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Author Topic: Got a new queen -- YAY!  (Read 3263 times)
Kris^
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« on: July 25, 2004, 12:32:38 PM »

Last week I reported that after an inspection, I could not find my marked queen, or any eggs in any of the comb, either.  A few of you suggested I wait  a week or so to see if the colony raised a new one.  Well, I'm glad to say that they apparently did.  I went into the hive earlier this morning and, as I was  pulling the sixth frame in the top box, I caught a glimpse of a l-o-n-g, smooth and plump abdomen running around the bottom of the frame to the other side.  No mistaking that!  At that point I proceeded with caution, and did not poke around the mass of bees piling up on the frame, for fear of injuring her or spooking her away.  But I looked at where I initially saw her, and there was an area of comb with eggs.  I also found eggs in an adjacent frame, too.  I closed up after investigating the hive, knowing that things were well back on track.  The colony seemed quite a bit mellower this morning than any other time during the past couple of weeks.

The colony has been busy in many ways this week. Last week, the honey super I had placed on top of the hive was virtually untouched, with very little comb having been drawn.  Today, all the frames had drawn comb, and much of that had nectar (but no capped honey yet).  So I placed another super of foundation on top.  I placed it on top instead of between the brood chamber and the honey super because I didn't want to run the risk of separating the queen from the brood box.  

Yeah -- when I found the queen and the eggs she was laying, she was in the honey super.  I'd like to get her out of there and put the queen excluder in place, if that's possible or necessary.  Only two frames have eggs laid in them; the rest are filling with nectar, so maybe I should leave well enough alone?  Or, does anyone have a sure-fire method of making sure the queen is down below the honey super?  If I do it, I probably should do it pretty soon.  And also, if I do exclude the queen from the honey super, should I extract a few frames of honey from the brood box (if they are still there -- there were three full frames in the upper box alone) in order to give the queen more laying room?

Regardless, I'm glad to find out my colony is still strong and queenright!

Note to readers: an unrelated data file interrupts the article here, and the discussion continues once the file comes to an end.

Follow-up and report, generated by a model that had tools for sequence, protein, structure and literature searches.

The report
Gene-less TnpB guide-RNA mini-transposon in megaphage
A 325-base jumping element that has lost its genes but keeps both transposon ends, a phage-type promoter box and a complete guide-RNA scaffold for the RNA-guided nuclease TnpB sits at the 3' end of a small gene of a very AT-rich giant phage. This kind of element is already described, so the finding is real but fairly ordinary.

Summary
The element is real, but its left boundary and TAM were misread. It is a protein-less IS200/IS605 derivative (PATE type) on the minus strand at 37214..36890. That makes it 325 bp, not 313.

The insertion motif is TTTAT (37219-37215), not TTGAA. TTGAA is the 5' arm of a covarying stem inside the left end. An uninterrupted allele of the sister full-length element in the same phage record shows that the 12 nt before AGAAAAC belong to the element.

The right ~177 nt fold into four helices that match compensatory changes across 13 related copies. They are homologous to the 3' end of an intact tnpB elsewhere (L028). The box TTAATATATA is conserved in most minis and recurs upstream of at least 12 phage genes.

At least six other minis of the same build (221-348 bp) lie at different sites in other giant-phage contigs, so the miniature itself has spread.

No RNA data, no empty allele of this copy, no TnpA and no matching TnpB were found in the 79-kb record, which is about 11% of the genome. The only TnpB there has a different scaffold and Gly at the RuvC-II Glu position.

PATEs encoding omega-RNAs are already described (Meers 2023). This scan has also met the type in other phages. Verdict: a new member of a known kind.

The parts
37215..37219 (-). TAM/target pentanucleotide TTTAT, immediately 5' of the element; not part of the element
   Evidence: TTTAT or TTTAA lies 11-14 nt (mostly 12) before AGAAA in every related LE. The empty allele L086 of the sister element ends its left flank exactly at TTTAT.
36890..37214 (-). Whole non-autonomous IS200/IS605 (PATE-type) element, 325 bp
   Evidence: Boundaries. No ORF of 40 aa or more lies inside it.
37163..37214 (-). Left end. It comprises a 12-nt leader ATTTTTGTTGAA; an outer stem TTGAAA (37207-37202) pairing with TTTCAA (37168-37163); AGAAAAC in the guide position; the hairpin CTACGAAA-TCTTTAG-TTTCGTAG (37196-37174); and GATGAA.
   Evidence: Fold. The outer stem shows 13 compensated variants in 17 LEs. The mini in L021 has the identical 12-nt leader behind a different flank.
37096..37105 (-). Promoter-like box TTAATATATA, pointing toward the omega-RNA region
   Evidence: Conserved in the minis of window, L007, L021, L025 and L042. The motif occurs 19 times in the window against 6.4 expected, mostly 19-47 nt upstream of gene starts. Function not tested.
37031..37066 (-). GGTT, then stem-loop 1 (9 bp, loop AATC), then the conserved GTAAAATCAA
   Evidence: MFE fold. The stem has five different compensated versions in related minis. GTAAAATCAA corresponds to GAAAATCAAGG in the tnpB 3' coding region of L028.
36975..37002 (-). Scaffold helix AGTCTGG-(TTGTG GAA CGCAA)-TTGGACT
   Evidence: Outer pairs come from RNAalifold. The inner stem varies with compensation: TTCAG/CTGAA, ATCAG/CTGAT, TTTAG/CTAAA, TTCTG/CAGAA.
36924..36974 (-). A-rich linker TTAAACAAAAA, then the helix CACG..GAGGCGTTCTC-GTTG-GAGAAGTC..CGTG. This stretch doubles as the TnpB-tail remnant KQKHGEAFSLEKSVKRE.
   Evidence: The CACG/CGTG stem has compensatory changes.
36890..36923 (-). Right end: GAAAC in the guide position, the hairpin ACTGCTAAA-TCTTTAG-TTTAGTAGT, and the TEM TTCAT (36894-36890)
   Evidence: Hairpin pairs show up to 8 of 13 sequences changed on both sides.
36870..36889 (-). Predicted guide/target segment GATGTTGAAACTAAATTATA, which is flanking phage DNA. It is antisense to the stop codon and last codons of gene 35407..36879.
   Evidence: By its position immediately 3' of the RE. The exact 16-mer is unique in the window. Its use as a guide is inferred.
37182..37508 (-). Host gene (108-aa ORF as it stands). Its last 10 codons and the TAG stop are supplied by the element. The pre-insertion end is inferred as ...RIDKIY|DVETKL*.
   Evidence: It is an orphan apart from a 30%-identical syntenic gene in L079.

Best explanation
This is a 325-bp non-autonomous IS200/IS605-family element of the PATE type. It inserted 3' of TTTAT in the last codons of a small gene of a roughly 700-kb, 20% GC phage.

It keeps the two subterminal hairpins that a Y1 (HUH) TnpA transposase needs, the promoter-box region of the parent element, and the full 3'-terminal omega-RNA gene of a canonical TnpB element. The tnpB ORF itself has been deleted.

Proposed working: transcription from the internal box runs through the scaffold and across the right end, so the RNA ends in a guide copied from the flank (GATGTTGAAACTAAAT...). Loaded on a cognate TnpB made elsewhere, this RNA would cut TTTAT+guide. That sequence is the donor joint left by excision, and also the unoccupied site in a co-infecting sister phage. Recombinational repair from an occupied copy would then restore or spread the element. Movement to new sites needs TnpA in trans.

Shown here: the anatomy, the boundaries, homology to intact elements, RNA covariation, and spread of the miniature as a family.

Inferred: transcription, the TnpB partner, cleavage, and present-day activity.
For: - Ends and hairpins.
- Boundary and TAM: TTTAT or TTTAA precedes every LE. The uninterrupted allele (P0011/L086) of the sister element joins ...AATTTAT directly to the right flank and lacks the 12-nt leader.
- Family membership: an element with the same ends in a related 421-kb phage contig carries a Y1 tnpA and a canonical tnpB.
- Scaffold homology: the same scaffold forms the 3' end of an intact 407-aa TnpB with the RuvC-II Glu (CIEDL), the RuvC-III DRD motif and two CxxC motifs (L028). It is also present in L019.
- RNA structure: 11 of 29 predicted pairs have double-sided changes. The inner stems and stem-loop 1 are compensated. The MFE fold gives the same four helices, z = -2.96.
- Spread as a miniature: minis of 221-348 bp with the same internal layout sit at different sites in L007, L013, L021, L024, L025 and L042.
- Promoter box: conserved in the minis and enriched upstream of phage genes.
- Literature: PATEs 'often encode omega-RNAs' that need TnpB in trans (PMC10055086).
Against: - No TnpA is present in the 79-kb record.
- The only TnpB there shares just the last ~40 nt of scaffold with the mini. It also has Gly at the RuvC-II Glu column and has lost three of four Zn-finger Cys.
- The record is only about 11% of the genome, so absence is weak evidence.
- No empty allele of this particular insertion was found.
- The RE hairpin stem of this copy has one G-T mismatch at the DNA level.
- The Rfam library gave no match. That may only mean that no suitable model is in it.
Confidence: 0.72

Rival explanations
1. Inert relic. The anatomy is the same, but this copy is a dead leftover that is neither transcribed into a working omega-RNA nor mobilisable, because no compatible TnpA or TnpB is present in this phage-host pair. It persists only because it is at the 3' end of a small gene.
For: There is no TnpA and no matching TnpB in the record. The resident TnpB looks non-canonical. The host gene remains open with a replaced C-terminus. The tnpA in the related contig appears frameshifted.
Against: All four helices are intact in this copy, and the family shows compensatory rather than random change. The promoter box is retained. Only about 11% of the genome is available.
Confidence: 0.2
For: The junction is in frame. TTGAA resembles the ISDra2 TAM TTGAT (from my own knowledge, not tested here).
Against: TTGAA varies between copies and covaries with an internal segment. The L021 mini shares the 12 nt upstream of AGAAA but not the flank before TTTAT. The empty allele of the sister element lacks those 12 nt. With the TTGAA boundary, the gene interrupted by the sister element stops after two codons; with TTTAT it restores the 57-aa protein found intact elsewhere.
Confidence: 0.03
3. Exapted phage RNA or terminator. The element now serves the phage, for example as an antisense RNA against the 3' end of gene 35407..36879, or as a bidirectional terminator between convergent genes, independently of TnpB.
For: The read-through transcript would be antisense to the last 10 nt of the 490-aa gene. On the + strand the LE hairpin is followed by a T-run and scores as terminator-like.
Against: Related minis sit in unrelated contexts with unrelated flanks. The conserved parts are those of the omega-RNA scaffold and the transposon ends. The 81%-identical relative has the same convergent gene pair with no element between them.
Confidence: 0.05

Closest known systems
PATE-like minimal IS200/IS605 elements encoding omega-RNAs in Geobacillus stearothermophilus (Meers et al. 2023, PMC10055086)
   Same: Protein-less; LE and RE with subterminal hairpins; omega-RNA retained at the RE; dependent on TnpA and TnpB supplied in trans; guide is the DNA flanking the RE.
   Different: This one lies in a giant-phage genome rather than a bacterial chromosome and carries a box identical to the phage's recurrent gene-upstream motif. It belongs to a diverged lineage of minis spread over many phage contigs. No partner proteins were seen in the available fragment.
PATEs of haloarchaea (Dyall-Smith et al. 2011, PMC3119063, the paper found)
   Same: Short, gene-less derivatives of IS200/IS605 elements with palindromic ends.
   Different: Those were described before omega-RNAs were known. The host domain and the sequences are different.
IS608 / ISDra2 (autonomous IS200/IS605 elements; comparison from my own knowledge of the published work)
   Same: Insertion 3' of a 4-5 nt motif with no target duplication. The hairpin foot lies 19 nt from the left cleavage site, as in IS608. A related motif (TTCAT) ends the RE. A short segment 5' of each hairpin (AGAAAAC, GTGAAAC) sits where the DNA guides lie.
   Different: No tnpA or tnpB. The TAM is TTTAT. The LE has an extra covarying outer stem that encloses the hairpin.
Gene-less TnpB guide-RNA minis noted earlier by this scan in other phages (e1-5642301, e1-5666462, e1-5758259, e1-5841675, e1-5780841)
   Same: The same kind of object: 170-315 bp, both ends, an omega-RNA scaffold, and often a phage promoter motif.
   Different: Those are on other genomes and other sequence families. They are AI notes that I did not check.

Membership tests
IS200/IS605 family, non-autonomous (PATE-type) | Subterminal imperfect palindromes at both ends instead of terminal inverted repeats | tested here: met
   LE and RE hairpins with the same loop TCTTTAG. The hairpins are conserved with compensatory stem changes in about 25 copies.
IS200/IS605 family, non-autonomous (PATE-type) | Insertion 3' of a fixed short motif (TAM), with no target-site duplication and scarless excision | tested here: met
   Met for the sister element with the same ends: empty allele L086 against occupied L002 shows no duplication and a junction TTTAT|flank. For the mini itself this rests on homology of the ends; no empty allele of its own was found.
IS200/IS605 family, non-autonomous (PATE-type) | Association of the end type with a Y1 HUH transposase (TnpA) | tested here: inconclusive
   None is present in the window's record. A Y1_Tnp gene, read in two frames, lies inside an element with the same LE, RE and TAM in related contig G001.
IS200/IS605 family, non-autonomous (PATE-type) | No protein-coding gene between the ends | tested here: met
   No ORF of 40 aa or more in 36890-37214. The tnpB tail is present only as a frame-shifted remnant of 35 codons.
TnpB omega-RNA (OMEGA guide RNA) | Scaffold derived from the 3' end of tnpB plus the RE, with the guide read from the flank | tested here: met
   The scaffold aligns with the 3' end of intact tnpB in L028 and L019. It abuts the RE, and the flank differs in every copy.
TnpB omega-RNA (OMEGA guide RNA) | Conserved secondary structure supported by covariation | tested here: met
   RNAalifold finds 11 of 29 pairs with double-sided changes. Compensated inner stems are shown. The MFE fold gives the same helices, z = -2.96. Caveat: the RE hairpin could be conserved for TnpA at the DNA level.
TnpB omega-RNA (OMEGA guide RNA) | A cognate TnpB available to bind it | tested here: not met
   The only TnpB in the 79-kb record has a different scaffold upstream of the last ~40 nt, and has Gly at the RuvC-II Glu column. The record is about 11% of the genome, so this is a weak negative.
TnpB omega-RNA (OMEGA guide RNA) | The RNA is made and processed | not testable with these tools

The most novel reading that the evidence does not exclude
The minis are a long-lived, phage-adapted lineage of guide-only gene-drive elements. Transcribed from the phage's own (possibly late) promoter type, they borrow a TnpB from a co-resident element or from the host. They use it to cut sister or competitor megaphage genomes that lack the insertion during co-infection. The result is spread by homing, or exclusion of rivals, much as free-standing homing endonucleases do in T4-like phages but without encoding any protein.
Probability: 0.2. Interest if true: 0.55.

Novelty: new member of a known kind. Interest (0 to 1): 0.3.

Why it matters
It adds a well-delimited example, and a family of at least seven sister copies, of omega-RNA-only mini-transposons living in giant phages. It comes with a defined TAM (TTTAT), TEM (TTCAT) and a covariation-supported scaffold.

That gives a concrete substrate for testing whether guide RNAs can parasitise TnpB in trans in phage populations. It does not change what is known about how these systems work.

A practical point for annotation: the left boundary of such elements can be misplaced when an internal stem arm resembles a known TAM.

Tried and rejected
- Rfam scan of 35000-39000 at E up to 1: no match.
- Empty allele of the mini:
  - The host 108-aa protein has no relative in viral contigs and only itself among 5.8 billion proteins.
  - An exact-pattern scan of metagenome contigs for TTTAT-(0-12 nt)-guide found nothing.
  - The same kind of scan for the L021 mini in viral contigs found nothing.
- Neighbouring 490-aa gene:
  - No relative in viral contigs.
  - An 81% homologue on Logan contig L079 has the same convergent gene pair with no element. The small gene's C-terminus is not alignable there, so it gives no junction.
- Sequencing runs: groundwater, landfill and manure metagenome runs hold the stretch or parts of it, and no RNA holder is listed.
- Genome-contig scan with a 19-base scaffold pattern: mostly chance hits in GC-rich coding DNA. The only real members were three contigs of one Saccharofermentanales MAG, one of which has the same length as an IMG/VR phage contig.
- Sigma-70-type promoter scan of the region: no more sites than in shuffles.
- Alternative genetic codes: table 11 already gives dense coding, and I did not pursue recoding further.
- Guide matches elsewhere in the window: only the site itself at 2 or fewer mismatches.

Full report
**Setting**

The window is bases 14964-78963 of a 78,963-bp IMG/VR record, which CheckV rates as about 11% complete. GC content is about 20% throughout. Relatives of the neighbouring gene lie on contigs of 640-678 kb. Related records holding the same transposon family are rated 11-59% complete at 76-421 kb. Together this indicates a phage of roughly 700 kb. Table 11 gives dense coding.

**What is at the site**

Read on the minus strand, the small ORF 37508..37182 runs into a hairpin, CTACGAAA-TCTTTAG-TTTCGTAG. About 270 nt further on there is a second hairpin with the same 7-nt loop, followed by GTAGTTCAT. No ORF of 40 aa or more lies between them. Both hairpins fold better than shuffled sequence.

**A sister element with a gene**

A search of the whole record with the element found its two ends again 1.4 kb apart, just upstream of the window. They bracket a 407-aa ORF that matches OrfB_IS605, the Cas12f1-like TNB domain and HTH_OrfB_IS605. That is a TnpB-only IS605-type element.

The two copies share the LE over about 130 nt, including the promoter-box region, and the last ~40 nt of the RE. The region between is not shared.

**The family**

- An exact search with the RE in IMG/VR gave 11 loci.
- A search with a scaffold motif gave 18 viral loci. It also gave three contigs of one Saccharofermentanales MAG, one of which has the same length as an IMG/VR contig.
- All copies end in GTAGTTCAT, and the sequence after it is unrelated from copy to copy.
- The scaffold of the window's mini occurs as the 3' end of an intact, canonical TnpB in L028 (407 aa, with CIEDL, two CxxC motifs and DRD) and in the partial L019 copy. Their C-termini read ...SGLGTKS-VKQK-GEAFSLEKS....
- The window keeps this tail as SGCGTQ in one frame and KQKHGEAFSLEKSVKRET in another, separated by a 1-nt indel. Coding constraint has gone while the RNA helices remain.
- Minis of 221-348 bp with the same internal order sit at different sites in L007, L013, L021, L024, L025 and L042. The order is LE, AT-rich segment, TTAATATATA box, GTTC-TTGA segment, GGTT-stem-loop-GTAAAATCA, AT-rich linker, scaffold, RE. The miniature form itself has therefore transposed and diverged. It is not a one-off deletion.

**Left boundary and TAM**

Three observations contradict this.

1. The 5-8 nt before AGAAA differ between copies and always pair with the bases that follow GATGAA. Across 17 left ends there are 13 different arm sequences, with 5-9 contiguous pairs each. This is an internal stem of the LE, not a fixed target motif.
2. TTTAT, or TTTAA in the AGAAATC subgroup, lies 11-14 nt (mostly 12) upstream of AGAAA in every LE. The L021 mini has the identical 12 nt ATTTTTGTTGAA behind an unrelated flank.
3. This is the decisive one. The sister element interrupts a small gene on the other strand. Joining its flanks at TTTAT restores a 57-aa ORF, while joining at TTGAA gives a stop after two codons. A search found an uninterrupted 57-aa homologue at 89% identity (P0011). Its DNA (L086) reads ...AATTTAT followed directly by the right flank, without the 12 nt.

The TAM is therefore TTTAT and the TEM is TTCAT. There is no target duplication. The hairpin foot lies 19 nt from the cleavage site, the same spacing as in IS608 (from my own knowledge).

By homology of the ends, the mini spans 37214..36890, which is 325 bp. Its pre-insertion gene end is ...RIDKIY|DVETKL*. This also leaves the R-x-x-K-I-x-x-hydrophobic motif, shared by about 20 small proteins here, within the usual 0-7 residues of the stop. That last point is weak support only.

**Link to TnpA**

-- Kris
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mark
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« Reply #1 on: July 25, 2004, 05:57:21 PM »

glad things are ok.  i have nuc boxes and an obsv. hive so you didn't have too much to worry about if things went bad. would've got you a queen raised.
  would have like to here that you were able to mark your new queen though and i'm curious why they superceded the package queen so soon.  was your other queen as timid  ( running and hiding)?
  what race was your package,(sorry i forget -otd) it may be different now. keep an eye on their aggresiveness now. you've gotten stung too many times already.    if i can help give a holler.
mark
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Robo
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« Reply #2 on: July 25, 2004, 06:11:25 PM »

Kris,

You can physically move her down to the brood chambers and add your excluder if you want.  The brood in the honey super will hatch and they will then fill it with honey.  Now that there is brood and nectar in the super, the bees will go through the excluder.

Make sure the queen has room to lay in the brood chamber.
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"Opportunity is missed by most people because it comes dressed in overalls and looks like work." - Thomas Edison


Kris^
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« Reply #3 on: July 25, 2004, 09:16:20 PM »

Quote from: mark
glad things are ok.  i have nuc boxes and an obsv. hive so you didn't have too much to worry about if things went bad. would've got you a queen raised.
  would have like to here that you were able to mark your new queen though and i'm curious why they superceded the package queen so soon.  was your other queen as timid  ( running and hiding)?
  what race was your package,(sorry i forget -otd) it may be different now. keep an eye on their aggresiveness now. you've gotten stung too many times already.    if i can help give a holler.
mark


Kind of you to make the offer about a queen.  I got a package of Italian bees in April of this year.  I can't guess why the first queen was superceded, although I don't pretend to think it couldn't have been me that did something to her.  I'm may not be all thumbs in the hive, but I don't exactly move as skillfully as a brain surgeon in there, either.   Which is why I didn't want to go whole-hog digging for her after I lost her in the crowd.